Religious appeal part of Huckabee's second White House bid
HOPE, Ark. (AP) — Former Gov. Mike Huckabee has launched his campaign for the Republican presidential nomination with an unabashed appeal for evangelical support.
In his hometown of Hope, Arkansas, Huckabee said America has lost its way morally on issues like abortion and gay marriage and is "now threatening the foundation of religious liberty by criminalizing Christianity."
The Southern Baptist minister turned politician portrayed himself as an economic populist and foreign affairs hawk with deeply conservative views on social issues.
As the Supreme Court weighs whether states must allow gay marriage, Huckabee said the justices "cannot overturn the laws of nature or of nature's God."
He preached a more muscular response to the rise of Islamic State militants, saying, "we will deal with jihadis just as we would deal with deadly snakes." As for Iran's nuclear ambitions, Huckabee said, "Ayatollahs will know that hell will freeze over before they get a nuclear weapon."
Judge: Rowan leaders must stop Christian prayers at meetings
WINSTON-SALEM, N.C. (AP) — A federal judge has ruled that North Carolina's Rowan County commissioners must stop opening their meetings with prayers that almost always referred to Christianity.
U.S. District Judge James Beaty Jr. ruled Monday that the way the commissioners opened meetings with prayers violated separation of church and state. Rowan County commissioners themselves delivered prayers before their meetings.
Judge Beaty said the commissioners stood, almost always bowed their heads and asked audience members to also stand and join them in prayers that normally included references to Jesus, the Savior, and other tenets of the Christian faith.
Beaty said that distinguished the case from a U.S. Supreme Court decision upholding prayers before public meetings as long as officials make a good-faith effort at inclusion.
Cartoon contest organizer known for anti-Islamic statements
NEW YORK (AP) — The Prophet Muhammad cartoon contest that exploded in violence over the weekend in suburban Dallas was organized by Pamela Geller, a 56-year-old New Yorker who has warned for years that Islam threatens to destroy the U.S.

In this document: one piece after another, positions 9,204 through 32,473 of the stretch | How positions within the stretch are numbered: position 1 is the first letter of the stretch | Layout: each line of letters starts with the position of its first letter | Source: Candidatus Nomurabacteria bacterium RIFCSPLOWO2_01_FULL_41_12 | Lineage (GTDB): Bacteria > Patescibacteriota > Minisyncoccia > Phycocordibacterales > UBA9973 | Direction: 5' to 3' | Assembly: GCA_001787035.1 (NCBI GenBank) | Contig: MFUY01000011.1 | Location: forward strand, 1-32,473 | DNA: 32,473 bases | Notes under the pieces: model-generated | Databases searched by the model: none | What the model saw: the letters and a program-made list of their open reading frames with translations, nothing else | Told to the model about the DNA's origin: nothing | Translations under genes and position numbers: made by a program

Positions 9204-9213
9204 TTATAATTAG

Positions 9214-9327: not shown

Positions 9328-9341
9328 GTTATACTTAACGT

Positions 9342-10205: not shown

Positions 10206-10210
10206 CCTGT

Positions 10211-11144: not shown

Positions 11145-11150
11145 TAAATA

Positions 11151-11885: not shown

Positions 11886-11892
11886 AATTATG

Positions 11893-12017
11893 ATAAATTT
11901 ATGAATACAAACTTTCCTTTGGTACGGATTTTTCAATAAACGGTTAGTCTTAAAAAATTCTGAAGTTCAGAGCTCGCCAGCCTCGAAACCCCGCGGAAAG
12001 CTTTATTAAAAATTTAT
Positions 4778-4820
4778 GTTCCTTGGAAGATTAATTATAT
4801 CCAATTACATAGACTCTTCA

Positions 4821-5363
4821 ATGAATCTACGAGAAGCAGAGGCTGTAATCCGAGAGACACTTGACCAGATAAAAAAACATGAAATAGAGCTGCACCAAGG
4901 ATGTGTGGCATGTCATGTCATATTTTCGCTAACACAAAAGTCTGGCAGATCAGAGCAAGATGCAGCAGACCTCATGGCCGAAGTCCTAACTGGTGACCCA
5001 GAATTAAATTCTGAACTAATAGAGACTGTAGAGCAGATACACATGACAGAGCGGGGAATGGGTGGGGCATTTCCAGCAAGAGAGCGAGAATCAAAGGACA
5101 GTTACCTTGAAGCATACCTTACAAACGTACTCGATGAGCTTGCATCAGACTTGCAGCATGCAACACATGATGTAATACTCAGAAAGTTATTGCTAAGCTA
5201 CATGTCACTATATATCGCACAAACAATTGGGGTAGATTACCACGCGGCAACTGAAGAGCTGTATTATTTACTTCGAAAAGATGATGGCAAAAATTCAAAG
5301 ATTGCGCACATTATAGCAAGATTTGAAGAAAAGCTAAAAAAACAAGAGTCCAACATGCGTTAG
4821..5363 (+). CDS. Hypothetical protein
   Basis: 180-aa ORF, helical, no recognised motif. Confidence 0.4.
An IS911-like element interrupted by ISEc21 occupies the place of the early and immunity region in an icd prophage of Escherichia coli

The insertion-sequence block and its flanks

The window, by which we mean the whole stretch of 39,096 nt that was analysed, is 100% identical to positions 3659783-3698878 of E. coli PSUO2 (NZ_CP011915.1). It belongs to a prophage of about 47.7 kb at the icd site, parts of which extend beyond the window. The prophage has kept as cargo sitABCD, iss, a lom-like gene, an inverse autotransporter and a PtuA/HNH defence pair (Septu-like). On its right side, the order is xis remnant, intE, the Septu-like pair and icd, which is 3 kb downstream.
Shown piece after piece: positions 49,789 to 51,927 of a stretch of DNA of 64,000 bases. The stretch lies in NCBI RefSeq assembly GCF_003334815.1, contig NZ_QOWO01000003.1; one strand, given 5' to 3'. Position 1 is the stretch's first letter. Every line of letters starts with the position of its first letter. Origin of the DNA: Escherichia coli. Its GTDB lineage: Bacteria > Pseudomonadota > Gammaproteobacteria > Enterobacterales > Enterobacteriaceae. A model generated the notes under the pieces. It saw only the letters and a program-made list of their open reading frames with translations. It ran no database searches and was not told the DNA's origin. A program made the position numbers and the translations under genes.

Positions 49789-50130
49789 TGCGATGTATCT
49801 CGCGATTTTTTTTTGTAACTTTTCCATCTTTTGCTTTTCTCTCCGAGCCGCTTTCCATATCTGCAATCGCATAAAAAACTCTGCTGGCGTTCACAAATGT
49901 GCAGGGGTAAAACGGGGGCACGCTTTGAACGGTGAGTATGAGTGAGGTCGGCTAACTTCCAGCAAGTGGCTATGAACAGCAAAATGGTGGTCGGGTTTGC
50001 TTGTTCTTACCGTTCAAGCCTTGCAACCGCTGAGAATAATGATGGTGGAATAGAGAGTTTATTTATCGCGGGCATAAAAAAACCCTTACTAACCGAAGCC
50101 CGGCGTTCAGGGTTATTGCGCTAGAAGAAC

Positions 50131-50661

The contest was offering $10,000 for the best depiction of Muhammad. In an interview with The Associated Press last month as the contest was being organized, Geller called it an attempt to stand up for free speech and said: "We will not bow to violent intimidation."
Geller has been involved in numerous lawsuits in recent years, many of them related to her efforts to place ads in public transit systems. New York City's transit authority recently banned all political advertising after a judge upheld Geller's right to run bus ads about Islam that said, "Killing Jews is worship that draws us close to Allah."
In 2012, the transit authority was forced to run Geller ads that read: "In any war between the civilized man and the savage, support the civilized man. Support Israel. Defeat Jihad." She paid for similar ads in San Francisco, Detroit and Washington.
Islamists in Pakistan celebrate cartoon gunmen
ISLAMABAD, Pakistan (AP) — About 50 Islamists have held a special service in Pakistan to honor the two men who were killed in Texas after they opened fire at a cartoon contest featuring images of the Muslim Prophet Muhammad.
The cleric Mohammad Chishti led the service for Elton Simpson and Nadir Soofi at a public park in northwest Pakistan.
Chishti told journalists that the two men were martyrs and that he organized the service to pay tribute to them.
Entire Bible being read aloud on US Capitol steps
WASHINGTON (AP) — On the west steps of the U.S. Capitol this week, the entire Bible is being read aloud, non-stop, from Genesis to Revelation.
The 26th annual U.S. Capitol Bible Reading Marathon began Sunday evening and will continue around the clock until noon on Thursday, the National Day of Prayer.
The event's director, the Rev. Michael Hall, says it takes about 90 hours to read through the Bible aloud. Volunteer readers step up to the podium and take turns, sometimes under umbrellas in pouring rain.
The readers have no microphone or speakers to amplify their message, so tourists often give the readers a curious look and pass by. But Hall says foreign visitors sometimes express surprise that Americans can read the Scriptures aloud at their seat of government.